- The family is held together by hierarchy.
- There’s no room for equality in a traditional family set-up.
- The “higher” and “lower” is determined by seniority, or by the proximity of relationship.
- The entire cosmos is kept functional by the way each member knows his/her position in relation to the others.
- There can be no serious challenge to authority because traditionally authority is determined by extraneous factors, such as age, gender, and kinship, or sometimes by ritual authority, but not by such vague concepts as knowledge, experience, or wisdom.
- The assumption is that with age, knowledge, skill and wisdom increase as well.
- The hierarchy and non-equality of the Indian family is, I wish to emphasise, mostly a comfortable one.
- Couldn’t there be a dialogue between pre-modernity and modernity in India?
- Is a dialogue conceivable which aims at a merging of these two divergent concepts of life? That is, a merging of the positive, constructive, dignified, deeply humanistic elements of these two stages in the evolvement of our human potential?
- Is this an entirely utopian construct?
Living with one foot each in Indian and European cultures, I feel pained when I see my mother turn 89 in the hands of an Old Age Home nurses when she should be taken care of by loving family members. I feel equally pained when I see the campus of Santiniketan, where I live, littered with plastic bags and garbage without any of its highly educated members protesting and starting a cleaning drive. Both are shameful imbalances. If Indian family values prevailed, my mother would live in her own home in more comfort, and be in the care of an extended family. But that would have clipped my wings: I would have had to return to Germany. and would not have been able to do serve totally “alien” people of Indian society.
- First, can we imagine a modernity which is not Western-oriented but evolves from the matrix of Indian culture itself?
- Second, can we imagine a merging of pre-modern and modern values into a new entity? Do we see perhaps such an entity already practiced somewhere?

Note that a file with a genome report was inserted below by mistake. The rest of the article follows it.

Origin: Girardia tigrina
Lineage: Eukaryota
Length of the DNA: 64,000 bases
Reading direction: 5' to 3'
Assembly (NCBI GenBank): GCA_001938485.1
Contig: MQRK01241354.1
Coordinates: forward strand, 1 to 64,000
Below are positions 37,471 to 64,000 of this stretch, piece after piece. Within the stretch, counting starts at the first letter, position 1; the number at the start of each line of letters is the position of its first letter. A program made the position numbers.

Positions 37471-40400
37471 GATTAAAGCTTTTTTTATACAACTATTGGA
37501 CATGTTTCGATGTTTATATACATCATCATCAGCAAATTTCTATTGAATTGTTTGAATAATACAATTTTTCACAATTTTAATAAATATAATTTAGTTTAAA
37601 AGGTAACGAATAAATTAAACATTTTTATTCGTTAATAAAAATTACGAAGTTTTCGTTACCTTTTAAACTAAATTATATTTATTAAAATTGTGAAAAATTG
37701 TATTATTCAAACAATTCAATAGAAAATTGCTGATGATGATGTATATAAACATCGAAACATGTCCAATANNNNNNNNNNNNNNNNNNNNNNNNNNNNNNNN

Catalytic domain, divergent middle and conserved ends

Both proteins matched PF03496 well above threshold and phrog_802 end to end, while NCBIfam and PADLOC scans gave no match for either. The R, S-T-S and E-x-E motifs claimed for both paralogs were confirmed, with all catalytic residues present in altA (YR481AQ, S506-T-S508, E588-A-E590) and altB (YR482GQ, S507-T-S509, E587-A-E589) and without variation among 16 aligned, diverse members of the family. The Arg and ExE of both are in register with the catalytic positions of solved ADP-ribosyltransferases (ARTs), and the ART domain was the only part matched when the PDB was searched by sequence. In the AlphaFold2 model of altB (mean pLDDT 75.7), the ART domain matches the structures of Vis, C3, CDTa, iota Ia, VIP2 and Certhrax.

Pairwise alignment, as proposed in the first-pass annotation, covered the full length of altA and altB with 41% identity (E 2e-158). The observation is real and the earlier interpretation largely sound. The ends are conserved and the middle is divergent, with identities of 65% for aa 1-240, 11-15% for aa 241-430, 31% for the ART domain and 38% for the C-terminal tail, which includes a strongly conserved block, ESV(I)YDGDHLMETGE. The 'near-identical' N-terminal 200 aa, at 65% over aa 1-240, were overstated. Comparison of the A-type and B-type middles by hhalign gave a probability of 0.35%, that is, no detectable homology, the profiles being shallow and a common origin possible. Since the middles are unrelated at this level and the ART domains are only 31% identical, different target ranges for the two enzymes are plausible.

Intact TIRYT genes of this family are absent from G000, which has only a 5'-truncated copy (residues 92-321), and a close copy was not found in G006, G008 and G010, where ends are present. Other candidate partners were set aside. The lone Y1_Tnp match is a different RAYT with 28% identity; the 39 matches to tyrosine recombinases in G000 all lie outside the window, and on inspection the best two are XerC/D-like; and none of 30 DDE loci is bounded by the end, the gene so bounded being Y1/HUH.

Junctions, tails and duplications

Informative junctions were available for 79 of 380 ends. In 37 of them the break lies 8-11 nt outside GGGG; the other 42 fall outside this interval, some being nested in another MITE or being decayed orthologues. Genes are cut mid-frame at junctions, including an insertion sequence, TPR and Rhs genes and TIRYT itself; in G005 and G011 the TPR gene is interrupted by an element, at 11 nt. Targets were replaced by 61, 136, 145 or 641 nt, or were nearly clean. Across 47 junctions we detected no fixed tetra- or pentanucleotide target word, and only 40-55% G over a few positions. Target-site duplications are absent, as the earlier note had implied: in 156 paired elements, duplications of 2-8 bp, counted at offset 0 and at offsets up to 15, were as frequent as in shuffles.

Traditional Indian ethos has a deeply idealistic strain. It begins with the Upanishads, continues with Buddhism and Jainism, flows into the Vaishnava mysticism of the Middle Ages and floods the writings of Mahatma Gandhi, Swami Vivekananda, Sri Aurobindo and Tagore. The herculean attempt to overcome a colonial ruler by non-violent means is inconceivable without such idealistic promptings. Much in the epics is imbued with such idealism, although Hindu mythology has very diverse strands, many of which are of an un-idealistic nature. Such idealism constitutes a spiritual and emotional energy which is manifest in the luminous face of the Buddha, in the eroticism of the Radha-Krishna narrative, in the countenance of Sri Ramakrishna. This same idealistic energy courses in the blood of young Indians too, although – alas! – it is rarely tapped for their own good and the good of society. But I’m optimistic that their idealism can give affirmative replies to my two questions.
This idealism is, in its very character, not adverse to modernism. Indeed, it operates above the pre-modern/modern duality by embracing everything that is noble and good. This idealism transcends family, rejects caste and other artificial dissections, and yearns for an ever-widening and more-embracing intellectual understanding and social convergence. It must be at the base of a congenially Indian modernity. Some modern age gurus have been preaching it in the West, thus translating this idealism into a Western social idiom. Unfortunately, such attempts have mostly failed. Either they preached a much-watered down version of Indian idealism to please their clientele, or they were unable to really strike roots in the souls of Western people.
Yet marginally, the New Man is visible at ashram communities in India – the laboratories of the fusion of old and new. This way of living together is ancient, yet flexible enough to adjust to new definitions of community life. The ashram describes the family ethos anew by broadening the definition of family and kinship. This fusion happens for example in the Pondicherry ashram and in Auroville as well as in Gandhian and Christian ashrams in India. The Santiniketan ashram, too, was meant to be an experiment of bringing pre-modern and modern India together under the guidance of an inspired poet. This answers my second question too. Obviously, such deeply Indian modernity would be the most appropriate merger of pre-modern and modern approaches to life. It will certainly preserve what is valuable and forward-looking in the Indian ethos, and at the same time absorb Western cultural characteristics wherever they complement the Indian ethos and can amalgamate with it.